Besides those already mentioned there are also smaller bodies of Byelorussians, Poles, Ukrainians, Latvians, and others but in practice most of them are attached to the Greek Archbishop, though they have services in their own languages. But it is also possible to come across Uniat groups, whose ceremonies are outwardly Orthodox, but those doctrine and church life is heavily influenced by Roman Catholicism; which is not surprising since they evolved from former Orthodox congregations that joined the Roman Church, either voluntary or under duress, during the sixteenth and seventeenth centuries.

All the Orthodox communities are united by the same worship and doctrine, by the same adherence to the seven great Ecumenical Councils and a common liturgy, each in its own language, though there is some diversity of local customs.

For many British people their first contact has been made through the Fellowship of Saint Alban and Saint Sergius, an informal body of mainly Anglican and Orthodox believers, founded in the 1920s, which meets for conferences, local lectures, and for common prayer, in order to understand each other better. During the last twenty-five years, however, an in- creasing number of English speaking people have been attracted to Orthodoxy, either from a completely non-Christian background, or from membership of other Christian confessions in which they no longer felt entirely at home.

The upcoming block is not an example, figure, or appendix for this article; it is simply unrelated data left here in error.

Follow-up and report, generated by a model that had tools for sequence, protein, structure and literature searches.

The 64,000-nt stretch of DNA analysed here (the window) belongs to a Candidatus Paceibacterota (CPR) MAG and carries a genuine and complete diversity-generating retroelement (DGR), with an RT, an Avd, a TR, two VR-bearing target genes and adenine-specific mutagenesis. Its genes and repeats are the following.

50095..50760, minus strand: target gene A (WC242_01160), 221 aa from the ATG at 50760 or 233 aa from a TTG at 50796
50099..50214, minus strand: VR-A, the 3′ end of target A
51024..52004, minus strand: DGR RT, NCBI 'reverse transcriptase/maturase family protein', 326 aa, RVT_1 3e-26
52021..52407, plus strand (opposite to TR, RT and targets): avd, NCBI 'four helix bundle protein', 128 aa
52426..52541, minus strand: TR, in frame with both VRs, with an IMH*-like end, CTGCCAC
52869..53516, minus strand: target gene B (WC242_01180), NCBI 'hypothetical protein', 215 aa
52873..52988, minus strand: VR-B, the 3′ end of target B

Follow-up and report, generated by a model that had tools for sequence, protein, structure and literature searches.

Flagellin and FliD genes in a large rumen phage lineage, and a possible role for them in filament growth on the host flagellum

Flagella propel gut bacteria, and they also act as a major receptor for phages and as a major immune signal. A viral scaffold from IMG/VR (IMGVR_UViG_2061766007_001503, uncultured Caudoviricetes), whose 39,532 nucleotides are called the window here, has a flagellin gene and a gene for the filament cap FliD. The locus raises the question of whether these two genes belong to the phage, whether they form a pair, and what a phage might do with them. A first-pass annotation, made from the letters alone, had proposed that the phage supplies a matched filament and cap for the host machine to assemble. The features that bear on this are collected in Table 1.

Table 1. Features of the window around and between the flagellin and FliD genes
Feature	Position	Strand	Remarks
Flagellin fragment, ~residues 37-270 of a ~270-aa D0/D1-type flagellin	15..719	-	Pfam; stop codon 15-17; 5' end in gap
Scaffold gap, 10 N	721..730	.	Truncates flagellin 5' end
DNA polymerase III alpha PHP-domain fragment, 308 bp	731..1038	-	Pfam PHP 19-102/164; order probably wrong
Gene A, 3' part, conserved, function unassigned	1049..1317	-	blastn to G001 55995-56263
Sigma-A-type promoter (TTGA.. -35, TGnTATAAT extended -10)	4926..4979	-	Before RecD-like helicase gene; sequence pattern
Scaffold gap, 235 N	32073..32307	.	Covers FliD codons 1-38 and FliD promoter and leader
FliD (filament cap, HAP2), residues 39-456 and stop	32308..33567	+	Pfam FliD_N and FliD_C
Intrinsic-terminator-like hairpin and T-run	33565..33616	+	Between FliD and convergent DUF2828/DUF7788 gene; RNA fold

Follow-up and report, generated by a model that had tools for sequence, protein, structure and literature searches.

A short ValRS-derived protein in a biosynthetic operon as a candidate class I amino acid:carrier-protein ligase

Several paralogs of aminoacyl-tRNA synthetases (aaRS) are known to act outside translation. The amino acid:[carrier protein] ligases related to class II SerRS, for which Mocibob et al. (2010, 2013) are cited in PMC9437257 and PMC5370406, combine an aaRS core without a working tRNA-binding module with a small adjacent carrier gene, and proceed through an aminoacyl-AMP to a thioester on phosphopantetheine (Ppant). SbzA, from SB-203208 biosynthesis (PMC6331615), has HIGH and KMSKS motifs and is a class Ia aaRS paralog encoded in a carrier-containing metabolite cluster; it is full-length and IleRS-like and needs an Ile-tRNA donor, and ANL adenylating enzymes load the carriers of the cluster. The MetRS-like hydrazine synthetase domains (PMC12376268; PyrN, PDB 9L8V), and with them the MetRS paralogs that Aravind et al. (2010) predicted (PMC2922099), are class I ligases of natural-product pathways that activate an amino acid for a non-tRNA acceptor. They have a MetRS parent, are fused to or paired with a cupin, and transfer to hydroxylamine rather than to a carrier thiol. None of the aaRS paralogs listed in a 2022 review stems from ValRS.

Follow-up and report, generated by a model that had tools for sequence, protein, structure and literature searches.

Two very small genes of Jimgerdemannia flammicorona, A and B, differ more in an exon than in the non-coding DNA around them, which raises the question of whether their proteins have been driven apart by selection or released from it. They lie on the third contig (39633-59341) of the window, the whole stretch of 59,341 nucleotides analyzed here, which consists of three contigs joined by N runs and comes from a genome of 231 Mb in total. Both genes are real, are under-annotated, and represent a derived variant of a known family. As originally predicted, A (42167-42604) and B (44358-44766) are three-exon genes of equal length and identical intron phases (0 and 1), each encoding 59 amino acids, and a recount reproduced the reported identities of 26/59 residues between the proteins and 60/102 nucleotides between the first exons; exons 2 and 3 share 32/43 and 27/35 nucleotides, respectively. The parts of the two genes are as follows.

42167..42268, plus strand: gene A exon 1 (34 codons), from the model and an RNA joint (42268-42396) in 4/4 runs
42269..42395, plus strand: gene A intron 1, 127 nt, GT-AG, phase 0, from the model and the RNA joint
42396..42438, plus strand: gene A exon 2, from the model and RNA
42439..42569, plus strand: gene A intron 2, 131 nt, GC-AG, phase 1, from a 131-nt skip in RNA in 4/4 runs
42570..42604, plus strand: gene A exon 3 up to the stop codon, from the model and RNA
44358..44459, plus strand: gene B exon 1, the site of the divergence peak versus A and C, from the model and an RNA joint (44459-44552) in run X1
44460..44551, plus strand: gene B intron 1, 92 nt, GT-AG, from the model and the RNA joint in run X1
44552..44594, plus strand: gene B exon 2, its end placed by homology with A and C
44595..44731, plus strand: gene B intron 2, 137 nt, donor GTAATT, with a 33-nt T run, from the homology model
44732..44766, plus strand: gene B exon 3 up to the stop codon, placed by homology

There is no doubt that some people, brought up with European values and rationality, have approached Orthodoxy in a spirit of romanticism, expecting something ‘entirely mystical’, which is only western parlance for ‘non-material’, only to be confronted by long services with ‘shockingly’ evangelical texts, and equally challenged by Orthodoxy’s insistence on the total unity of body, soul, and spirit; of the Word made flesh, of spirit-bearing matter. They have also been faced by the very architecture of the church, which insists that ‘God is with us’, not that we have to stretch up to a distant God; and in the churches and in private homes there are the ever present ikons of Christ and the Saints, who constantly confront the worshipper or the enquirer with a spiritual reality of transfiguration.

Orthodoxy is still, as yet, on the perimeter of British society, although many Orthodox Christians have been educated in this country and have absorbed its intellectual ethos. Yet, it must be said, there is in the Church generally some resistance to over-active proselytising, partly because many are still ‘foreigners in a strange land’, conscious of being the guests of generous hosts, and also because it is not, perhaps, ‘part of the tradition’. The method of winning hearts to Christ is perhaps an indirect one — the late Archbishop Athenagoras used to say that the ikons are the Church’s missionaries — and in addition care is taken to discourage any superficial and unformed reactions to the faith, which would be damaging to the enquirer, whose whole person must be respected in freedom.